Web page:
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    Ecological Characteristics of Ancient Semi-Natural Woodlands undergoing transformation to an Irregular High Forest silviculture in southern Britain

    Alder, Daniel Carl (2023) Ecological Characteristics of Ancient Semi-Natural Woodlands undergoing transformation to an Irregular High Forest silviculture in southern Britain. Doctoral thesis (PhD), Manchester Metropolitan University.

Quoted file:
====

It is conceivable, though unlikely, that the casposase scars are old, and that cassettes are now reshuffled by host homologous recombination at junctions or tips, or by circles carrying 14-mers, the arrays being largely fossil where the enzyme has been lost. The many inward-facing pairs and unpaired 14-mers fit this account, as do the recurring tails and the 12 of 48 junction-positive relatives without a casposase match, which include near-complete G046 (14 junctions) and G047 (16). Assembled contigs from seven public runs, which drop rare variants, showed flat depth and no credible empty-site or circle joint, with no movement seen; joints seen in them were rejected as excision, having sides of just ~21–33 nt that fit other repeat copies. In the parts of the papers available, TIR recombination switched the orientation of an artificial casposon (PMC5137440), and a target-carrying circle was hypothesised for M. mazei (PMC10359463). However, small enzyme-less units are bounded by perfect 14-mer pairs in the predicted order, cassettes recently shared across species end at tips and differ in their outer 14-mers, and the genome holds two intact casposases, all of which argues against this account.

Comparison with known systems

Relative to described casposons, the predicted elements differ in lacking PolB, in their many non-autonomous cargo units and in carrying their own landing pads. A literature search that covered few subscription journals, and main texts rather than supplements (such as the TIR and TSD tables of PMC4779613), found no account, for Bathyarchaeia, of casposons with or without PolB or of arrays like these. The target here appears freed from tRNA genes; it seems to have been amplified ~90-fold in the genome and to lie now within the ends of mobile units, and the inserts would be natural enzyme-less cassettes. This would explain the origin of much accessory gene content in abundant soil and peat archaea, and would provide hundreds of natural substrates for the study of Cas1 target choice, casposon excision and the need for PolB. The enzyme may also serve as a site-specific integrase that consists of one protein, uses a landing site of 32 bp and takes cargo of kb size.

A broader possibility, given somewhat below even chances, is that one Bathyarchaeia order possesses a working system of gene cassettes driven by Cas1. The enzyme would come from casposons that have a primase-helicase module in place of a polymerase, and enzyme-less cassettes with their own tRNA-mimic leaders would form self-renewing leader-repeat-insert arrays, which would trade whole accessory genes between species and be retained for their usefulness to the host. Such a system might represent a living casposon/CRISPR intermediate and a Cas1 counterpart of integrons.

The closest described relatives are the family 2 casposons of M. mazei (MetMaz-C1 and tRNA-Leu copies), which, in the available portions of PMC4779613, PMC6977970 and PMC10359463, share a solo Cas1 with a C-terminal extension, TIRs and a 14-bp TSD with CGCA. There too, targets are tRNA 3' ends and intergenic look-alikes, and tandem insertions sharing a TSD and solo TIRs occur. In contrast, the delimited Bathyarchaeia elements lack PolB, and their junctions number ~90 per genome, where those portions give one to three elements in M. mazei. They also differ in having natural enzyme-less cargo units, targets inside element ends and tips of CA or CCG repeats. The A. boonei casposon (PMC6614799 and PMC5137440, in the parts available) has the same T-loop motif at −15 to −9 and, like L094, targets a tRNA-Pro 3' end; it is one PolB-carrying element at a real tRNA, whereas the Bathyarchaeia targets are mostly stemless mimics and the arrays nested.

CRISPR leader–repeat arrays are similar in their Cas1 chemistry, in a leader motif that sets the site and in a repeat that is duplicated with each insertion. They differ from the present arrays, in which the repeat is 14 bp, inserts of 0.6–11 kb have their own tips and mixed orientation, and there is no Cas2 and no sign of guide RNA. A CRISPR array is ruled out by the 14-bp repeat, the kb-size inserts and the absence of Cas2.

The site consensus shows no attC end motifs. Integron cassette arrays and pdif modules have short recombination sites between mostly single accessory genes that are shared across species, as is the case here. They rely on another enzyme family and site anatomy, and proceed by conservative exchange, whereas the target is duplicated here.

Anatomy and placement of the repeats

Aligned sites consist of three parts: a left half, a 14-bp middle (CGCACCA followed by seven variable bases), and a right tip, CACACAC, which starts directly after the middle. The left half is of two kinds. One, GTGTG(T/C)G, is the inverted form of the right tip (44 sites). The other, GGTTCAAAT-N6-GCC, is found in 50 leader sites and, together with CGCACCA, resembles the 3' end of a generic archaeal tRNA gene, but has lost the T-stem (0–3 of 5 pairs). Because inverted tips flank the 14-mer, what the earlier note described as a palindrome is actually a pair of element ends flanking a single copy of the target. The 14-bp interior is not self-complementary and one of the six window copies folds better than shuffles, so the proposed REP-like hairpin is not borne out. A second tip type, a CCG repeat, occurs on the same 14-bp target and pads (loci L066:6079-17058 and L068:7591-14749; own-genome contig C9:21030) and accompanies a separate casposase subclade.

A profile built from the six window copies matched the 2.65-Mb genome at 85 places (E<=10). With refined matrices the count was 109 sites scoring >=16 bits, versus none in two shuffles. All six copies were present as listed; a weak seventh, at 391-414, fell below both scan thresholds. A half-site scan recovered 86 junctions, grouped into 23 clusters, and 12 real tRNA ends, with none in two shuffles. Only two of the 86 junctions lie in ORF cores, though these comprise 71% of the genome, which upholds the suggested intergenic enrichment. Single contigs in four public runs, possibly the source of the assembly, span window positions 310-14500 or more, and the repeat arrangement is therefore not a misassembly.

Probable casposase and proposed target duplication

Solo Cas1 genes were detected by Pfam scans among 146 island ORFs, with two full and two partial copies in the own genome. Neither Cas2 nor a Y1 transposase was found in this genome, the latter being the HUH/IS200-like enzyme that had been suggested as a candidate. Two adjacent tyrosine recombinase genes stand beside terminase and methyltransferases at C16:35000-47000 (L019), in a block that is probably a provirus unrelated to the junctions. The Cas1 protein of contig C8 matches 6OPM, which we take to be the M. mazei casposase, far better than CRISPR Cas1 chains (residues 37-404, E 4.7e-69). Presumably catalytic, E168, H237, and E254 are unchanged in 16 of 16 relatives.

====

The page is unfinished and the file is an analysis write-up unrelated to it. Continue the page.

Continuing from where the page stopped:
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    Ancient woodlands in lowland Britain are repositories of cultural and ecological histories which reflect a long association with human intervention since the Mesolithic. The interests of ancient woodland are valued by society yet demands on woodlands beyond providing woodland produce have increased. Uncertainties around anthropogenic climate change are driving land-use policies towards more resilient outcomes and sustainable forest management is part of the response. Irregular silviculture is one method to achieve continuous cover forestry in the United Kingdom and is promoted as an appropriate method of sustainable forestry management and has been practised at the study site, Rushmore estate since the 1980s. As an exploited resource ancient woodlands were significant in the development of European society providing fuel, building materials and furnace charcoal for metallurgy. Coppice management was prevalent over many centuries, at its height between the 13th and 19th centuries. Despite intensive exploitation, woodland species adapted alongside to form distinct communities against a backdrop of a farming landscape which was more benign than that which modern agriculture has created, causing woods to become isolated remnants of semi-natural habitats. Changes in the way woodlands were generally managed across Europe reflected the increasing sophistication of technology and demands on the types of wood resources required especially during the industrial revolution. The progression of Silviculture as a science ran parallel and many of the traditional coppice-based products became obsolete. High forest silviculture developed as coppice subsided alongside the arrival of plantation management with a focus on producing increasing quantities of timber for construction to meet national demands and security of supply. By the middle of the 20th century coppicing of most ancient woods ceased; woods became either neglected or converted to high forest often with non-native conifers planted which changed conditions for many of the ancient woodland species associated with continuity of coppice management. Under-management is a conservation threat to many species associated with a more heterogenous stand structure. Continued management by coppicing however, remains economically tenuous. This study in the Cranborne Chase with a long history of coppice management across its ancient woodlands provided a unique opportunity to compare habitat structures between active coppice silviculture, Irregular high forest, transitional stands in the early stages of silvicultural management and limited intervention stands, those neglected between 30-50 years previously. Using a combination of descriptive, multivariate analysis, correlations and modelling with pairwise tests between stand types of the effects of silvicultural management, or the lack of it, upon three different taxonomic groups; birds, bats and plants associated with ancient woodland. Irregular high forest was found to positively influence all three taxonomic groups. Significantly, Irregular silviculture retained many species of conservation interest including the conservation red-listed Marsh Tit Poecile Palustris and Barbastelle Bat Barbastella barbastellus which is listed internationally as near-threatened by the International Union for the Conservation of Nature. Both were found to occupy Irregular stands at greater levels of abundance and activity respectively compared to either coppice or limited intervention stands. For ancient woodland indicator plants and coppice-associated plants as derived by Rackham (2003), there was no significant difference between coppice and Irregular stands. Structural comparisons between Irregular and limited intervention stands were strikingly different with lower basal area, stand structural variation and developing understorey associated most strongly with the former. Irregular silviculture provides structural heterogeneity and complexity associated with early successional growth typical of the coppice cycle and more open woodland, but also older growth features, e.g., deadwood, of mature stands related to larger diameter trees. Both sets of attributes provide important functional resources for a range of woodland species analogous to a woodland successional gradient. This study has identified that Irregular high forest produces a broad ecological ‘bandwidth’ of environmental conditions for woodland species. Active silvicultural management that includes Irregular in ancient woodland is preferable to neglect associated with limited intervention because it appears to retain structural characteristics important to several groups of woodland species of intrinsic conservation value.

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